How to donate

  • The Ukrainian Congress Committee of America is accepting financial donations and medical supplies.

  • Military and humanitarian aid can be donated to the Ukrainian Cultural Center in Whippany.

  • Hope for Ukraine supports a variety of services, including support for refugees, a winter clothing drive and medical support.

Debate in Washington

The lapse in aid in Washington reflects a deterioration of support among some rank-and-file Republicans in Congress, encouraged by former President Donald Trump. They have raised a variety of objections, including concerns about waste and fraud and that weapons could be diverted from the Ukrainian military.

House Speaker Mike Johnson, R-La., has refused to take up a bill with $60 billion in aid to Ukraine unless it also includes U.S. border security and immigration reforms, but Republicans also scuttled legislation this month that included both of those provisions.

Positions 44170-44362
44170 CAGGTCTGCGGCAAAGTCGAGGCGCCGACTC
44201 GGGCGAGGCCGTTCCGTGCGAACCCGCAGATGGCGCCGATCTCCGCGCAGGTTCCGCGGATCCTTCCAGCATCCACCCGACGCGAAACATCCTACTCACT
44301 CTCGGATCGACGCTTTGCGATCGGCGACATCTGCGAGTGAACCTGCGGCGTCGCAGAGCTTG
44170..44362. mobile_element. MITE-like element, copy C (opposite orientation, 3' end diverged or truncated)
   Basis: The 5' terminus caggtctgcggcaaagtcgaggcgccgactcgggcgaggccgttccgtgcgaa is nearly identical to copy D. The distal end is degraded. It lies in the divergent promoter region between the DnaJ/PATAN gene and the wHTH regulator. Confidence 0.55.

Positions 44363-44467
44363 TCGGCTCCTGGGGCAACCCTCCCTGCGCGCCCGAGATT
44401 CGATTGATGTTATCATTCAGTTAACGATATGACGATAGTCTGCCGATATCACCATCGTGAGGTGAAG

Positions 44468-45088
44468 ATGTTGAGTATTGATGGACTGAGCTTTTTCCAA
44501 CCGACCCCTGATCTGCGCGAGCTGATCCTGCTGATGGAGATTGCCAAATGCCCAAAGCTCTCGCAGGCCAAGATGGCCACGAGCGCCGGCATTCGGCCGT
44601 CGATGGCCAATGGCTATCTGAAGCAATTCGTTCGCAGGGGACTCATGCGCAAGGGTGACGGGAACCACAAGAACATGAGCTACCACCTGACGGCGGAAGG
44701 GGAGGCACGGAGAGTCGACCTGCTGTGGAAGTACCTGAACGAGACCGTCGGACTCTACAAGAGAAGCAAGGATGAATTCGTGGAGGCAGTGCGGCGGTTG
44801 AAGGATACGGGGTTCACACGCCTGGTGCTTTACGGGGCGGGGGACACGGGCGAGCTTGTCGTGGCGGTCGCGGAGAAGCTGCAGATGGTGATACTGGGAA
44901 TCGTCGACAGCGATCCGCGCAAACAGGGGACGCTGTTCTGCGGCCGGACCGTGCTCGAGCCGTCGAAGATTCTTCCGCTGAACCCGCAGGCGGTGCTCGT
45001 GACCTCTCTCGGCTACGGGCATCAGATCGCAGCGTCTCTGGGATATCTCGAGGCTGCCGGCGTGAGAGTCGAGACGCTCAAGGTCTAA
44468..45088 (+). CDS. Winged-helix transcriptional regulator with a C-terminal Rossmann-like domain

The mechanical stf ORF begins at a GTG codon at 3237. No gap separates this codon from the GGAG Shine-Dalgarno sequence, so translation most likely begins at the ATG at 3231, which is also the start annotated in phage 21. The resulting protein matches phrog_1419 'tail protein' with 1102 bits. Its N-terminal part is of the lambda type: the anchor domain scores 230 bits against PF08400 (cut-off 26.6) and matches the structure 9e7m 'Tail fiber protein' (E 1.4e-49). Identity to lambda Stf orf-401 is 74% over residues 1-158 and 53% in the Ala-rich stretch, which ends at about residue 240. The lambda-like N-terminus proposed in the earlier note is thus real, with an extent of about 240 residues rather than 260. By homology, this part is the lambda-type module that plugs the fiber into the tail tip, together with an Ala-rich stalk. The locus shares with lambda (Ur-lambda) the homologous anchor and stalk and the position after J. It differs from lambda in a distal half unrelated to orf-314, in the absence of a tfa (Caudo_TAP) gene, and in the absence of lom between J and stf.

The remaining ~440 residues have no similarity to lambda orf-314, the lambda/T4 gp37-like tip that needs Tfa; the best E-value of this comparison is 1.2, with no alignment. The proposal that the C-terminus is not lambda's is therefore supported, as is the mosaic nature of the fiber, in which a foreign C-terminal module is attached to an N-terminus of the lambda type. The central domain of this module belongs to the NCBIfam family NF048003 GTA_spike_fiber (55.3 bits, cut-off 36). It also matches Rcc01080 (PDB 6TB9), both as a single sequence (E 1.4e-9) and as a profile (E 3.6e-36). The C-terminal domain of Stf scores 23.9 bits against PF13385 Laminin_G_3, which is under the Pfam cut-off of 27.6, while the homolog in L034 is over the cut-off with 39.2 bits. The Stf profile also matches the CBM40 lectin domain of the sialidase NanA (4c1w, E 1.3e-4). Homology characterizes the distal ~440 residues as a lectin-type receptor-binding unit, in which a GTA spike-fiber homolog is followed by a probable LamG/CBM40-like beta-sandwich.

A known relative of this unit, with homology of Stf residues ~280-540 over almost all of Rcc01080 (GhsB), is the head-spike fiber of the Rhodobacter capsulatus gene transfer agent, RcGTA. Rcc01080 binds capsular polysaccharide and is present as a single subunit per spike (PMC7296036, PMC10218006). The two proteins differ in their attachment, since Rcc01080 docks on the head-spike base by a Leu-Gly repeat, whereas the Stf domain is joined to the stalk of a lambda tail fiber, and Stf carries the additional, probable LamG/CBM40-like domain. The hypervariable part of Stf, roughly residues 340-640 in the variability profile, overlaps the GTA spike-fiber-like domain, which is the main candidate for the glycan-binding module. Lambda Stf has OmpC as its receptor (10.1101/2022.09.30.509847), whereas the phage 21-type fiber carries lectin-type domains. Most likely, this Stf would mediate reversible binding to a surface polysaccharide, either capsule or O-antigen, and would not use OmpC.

Lewko, who has family in the Ukrainian city of Lviv, travels there several times a year.

"My relatives there don't understand why nobody around the world is standing up for them," he said. "Now is a critical time for us to fight the Russian propaganda, which claims Ukraine shouldn't be supported."Do you see what Putin did to Alexey Navalny?" he said, referring to the dissident who died in Russian custody last week. Vladimir Putin, Lewko said, "feels he can kill anybody. We have to stand up to him. This is the ultimate fight for democracy and freedom."

Deena Yellin covers religion for NorthJersey.com. For unlimited access to her work covering how the spiritual intersects with our daily lives, please subscribe or activate your digital account today.

Email: yellin@northjersey.com

This article originally appeared on NorthJersey.com: Ukraine relief: How to help as NJ plans vigils, rally